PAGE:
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Effect of Traditional Chinese Medicine on Long-Term Outcomes of Snakebite in Taiwan

by Teng-I Huang 1 and Ching-Liang Hsieh 1,2,3,*
1
Department of Chinese Medicine, China Medical University Hospital, Taichung 40447, Taiwan
2
Chinese Medicine Research Center, China Medical University, Taichung 40402, Taiwan
3
Graduate Institute of Acupuncture Science, College of Chinese Medicine, China Medical University, Taichung 40402, Taiwan
*
Author to whom correspondence should be addressed.
Toxins 2020, 12(2), 132; https://doi.org/10.3390/toxins12020132
Received: 15 January 2020 / Revised: 17 February 2020 / Accepted: 18 February 2020 / Published: 20 February 2020
(This article belongs to the Special Issue Long-Term Effects of Venom in Bites and Stings)
Herein, we review the characteristics of the six predominant venomous snakes in Taiwan and the effects of traditional Chinese medicine on the long-term outcomes of snakebite venom. We electronically searched databases, including PubMed, ClinicalKey, China National Knowledge Infrastructure, National Digital Library of Theses and Dissertations in Taiwan, and Airiti Library, from their inception to November 2019 by using the following Medical Subject Headings’ keywords: snakebite, long-term, chronic, Chinese medicine, CAM, herb, and Taiwan. The most common long-term effects of snakebite envenomation include “migraine-like syndrome”, brain injuries caused by hypoxia or intracranial hemorrhage, and chronic kidney disease. In addition, hypopituitarism is also worth mentioning. Traditional Chinese medicine can potentially be used in a complementary or alternative treatment for these effects, but additional studies are needed. View Full-Text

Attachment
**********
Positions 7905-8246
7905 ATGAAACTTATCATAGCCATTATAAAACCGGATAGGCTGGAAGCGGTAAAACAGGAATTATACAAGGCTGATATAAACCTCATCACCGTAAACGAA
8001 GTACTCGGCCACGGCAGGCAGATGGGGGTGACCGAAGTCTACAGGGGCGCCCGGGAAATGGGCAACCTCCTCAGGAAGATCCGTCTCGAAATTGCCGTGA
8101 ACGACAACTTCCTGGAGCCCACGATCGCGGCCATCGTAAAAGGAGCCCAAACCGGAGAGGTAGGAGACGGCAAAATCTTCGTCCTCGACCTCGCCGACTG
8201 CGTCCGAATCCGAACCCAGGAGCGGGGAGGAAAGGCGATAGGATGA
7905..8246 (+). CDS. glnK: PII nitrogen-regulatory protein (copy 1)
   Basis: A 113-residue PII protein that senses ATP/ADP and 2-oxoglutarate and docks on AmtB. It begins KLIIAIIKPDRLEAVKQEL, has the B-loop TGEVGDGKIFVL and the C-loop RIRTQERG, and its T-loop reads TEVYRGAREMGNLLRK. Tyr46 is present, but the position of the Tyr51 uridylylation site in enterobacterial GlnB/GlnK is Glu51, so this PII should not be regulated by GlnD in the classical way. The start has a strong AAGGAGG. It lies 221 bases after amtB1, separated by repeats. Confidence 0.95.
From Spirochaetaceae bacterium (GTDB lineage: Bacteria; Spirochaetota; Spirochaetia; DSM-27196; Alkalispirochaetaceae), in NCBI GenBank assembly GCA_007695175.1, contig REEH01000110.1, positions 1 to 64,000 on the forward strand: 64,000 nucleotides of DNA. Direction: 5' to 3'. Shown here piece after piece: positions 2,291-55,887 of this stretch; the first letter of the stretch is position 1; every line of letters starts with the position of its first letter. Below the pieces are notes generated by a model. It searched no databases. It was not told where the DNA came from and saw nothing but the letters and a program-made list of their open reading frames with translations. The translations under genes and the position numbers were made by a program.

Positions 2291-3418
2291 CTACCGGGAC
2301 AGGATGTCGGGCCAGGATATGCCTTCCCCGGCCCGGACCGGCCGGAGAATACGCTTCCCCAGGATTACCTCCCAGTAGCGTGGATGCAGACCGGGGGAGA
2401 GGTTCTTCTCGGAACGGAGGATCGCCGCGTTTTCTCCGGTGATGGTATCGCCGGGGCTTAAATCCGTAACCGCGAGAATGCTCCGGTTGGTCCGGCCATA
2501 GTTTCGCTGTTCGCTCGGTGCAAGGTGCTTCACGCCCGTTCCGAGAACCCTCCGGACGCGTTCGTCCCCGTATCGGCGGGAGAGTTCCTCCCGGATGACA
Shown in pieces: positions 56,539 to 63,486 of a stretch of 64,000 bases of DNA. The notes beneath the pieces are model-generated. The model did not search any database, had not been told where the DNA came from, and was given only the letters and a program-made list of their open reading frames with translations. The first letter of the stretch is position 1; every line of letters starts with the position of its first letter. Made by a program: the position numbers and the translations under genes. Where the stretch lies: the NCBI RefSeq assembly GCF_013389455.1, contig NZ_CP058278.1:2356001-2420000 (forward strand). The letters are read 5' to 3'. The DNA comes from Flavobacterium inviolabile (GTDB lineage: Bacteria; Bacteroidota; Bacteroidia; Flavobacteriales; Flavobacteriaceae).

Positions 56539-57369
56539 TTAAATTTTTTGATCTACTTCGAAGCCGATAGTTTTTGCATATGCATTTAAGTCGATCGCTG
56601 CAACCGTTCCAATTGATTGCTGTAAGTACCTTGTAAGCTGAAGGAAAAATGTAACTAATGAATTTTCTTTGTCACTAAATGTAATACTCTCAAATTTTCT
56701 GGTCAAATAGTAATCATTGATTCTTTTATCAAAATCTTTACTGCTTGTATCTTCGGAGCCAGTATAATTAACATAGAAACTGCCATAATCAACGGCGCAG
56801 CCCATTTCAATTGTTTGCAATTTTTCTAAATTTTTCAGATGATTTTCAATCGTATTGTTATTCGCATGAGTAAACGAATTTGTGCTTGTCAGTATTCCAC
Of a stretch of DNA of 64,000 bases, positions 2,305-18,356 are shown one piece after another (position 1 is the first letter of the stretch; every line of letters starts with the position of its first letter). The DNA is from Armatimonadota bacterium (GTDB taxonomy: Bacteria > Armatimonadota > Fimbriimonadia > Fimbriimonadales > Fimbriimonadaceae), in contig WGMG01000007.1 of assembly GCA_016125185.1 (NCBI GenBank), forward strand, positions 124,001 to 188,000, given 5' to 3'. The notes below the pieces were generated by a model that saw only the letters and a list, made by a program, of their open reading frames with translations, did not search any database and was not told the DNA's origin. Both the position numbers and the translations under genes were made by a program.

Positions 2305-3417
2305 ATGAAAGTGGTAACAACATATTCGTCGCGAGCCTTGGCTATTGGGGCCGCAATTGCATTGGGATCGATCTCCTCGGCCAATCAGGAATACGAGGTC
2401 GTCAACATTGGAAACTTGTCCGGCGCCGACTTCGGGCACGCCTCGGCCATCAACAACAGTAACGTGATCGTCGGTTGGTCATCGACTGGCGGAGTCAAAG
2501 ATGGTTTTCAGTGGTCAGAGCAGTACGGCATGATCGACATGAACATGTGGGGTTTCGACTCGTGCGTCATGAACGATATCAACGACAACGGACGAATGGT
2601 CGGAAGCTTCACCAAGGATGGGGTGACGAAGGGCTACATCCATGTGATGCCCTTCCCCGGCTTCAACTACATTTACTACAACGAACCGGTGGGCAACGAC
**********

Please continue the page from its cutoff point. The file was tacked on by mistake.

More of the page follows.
Keywords: traditional Chinese medicine; long-term effects; venom; snakebites traditional Chinese medicine; long-term effects; venom; snakebites
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MDPI and ACS Style

Huang, T.-I.; Hsieh, C.-L. Effect of Traditional Chinese Medicine on Long-Term Outcomes of Snakebite in Taiwan. Toxins 2020, 12, 132.

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